Research suggests that mindfulness-practices may aid smoking cessation. Yet, the neural mechanisms underlying the effects of mindfulness-practices on smoking are unclear. Response inhibition is a main deficit in addiction, is associated with relapse, and could therefore be a candidate target for mindfulness-based practices. The current study hence investigated the effects of a brief mindfulness-practice on response inhibition in smokers using behavioral and electroencephalography (EEG) measures. Fifty participants (33 females, mean age 20 years old) underwent a protocol of cigarette exposure to induce craving (cueexposure) and were then randomly assigned to a group receiving mindfulness-instructions or control-instructions (for 15 minutes approximately). Immediately after this, they performed a smoking Go/NoGo task, while their brain activity was recorded. At the behavioral level, no group differences were observed. However, EEG analyses revealed a decrease in P3 amplitude during NoGo vs. Go trials in the mindfulness versus control group. The lower P3 amplitude might indicate less-effortful response inhibition after the mindfulness-practice, and suggest that enhanced response inhibition underlies observed positive effects of mindfulness on smoking behavior.,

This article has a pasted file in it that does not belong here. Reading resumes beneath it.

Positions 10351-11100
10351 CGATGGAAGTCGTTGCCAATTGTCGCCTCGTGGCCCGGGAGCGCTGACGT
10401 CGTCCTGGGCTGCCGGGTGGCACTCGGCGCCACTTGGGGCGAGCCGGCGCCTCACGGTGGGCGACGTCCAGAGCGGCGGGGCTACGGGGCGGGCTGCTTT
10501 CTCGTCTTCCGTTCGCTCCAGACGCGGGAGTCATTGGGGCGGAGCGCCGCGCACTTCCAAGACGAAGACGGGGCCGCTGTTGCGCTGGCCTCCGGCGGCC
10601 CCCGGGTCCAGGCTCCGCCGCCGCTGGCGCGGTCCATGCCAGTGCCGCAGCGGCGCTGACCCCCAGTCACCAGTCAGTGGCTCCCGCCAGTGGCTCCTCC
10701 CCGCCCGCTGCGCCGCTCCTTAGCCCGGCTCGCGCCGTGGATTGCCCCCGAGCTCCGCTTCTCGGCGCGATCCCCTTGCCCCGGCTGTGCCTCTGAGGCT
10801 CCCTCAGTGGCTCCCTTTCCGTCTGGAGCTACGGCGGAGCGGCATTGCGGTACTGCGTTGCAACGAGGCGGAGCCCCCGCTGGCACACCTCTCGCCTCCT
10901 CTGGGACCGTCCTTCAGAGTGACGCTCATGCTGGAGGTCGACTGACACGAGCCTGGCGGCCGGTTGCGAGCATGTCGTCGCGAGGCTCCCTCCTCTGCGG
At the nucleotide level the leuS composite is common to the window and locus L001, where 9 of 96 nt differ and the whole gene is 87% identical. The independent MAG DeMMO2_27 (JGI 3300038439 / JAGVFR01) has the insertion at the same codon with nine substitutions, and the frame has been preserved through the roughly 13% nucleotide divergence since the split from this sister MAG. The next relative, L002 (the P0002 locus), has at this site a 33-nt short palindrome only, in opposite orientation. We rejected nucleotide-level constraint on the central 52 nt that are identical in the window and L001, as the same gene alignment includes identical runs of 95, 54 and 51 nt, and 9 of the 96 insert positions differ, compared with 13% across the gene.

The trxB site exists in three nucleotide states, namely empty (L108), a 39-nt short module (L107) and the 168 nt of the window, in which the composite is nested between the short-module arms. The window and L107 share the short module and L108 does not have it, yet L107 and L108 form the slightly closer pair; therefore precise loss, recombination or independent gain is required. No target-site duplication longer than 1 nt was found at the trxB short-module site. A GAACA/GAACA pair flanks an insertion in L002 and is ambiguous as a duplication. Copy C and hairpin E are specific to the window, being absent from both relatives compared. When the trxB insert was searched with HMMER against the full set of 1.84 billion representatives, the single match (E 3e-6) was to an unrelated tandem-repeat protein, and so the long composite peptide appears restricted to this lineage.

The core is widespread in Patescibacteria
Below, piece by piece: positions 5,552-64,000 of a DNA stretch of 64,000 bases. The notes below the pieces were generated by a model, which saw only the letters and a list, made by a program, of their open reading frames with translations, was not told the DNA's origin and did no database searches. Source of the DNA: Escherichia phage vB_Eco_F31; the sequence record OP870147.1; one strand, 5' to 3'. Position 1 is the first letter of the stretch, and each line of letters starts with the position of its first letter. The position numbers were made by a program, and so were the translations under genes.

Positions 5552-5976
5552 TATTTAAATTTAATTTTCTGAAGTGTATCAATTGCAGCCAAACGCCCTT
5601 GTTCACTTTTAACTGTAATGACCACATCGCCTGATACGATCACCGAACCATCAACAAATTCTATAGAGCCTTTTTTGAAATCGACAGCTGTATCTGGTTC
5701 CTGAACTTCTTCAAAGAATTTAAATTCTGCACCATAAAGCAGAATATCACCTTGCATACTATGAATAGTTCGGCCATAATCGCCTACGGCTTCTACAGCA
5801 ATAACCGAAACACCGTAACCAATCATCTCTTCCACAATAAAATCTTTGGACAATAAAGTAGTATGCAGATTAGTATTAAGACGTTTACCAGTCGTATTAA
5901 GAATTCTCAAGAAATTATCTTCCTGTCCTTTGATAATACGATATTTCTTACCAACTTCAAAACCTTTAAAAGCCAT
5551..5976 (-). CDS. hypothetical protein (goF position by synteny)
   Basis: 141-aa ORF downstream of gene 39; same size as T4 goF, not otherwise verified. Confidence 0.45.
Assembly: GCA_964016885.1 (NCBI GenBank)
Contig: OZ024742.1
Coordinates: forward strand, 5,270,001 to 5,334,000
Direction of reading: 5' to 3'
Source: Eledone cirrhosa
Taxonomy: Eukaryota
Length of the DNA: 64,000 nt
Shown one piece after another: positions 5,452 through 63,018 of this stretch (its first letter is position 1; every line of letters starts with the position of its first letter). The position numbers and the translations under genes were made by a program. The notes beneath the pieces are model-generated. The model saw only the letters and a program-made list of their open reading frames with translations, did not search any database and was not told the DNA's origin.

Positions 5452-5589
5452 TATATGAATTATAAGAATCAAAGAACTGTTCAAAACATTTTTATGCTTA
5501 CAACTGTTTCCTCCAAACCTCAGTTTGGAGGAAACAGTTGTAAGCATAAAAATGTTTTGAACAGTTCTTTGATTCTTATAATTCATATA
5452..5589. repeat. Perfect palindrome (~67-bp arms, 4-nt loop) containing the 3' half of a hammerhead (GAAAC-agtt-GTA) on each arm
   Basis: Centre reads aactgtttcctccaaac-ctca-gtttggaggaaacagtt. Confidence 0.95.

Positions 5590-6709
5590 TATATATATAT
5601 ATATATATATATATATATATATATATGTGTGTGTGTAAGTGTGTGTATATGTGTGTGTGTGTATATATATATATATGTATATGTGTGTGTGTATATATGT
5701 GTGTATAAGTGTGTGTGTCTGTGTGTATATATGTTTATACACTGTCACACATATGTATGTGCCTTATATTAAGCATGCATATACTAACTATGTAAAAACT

Department of Psychology

Andreu, C.I. (Catherine I.), Cosmelli, D. (Diego), Slagter, H.A. (Heleen A.), & Franken, I. (2018). Effects of a brief mindfulness-meditation intervention on neural measures of response inhibition in cigarette smokers. PLoS ONE, 13(1). doi:10.1371/journal.pone.0191661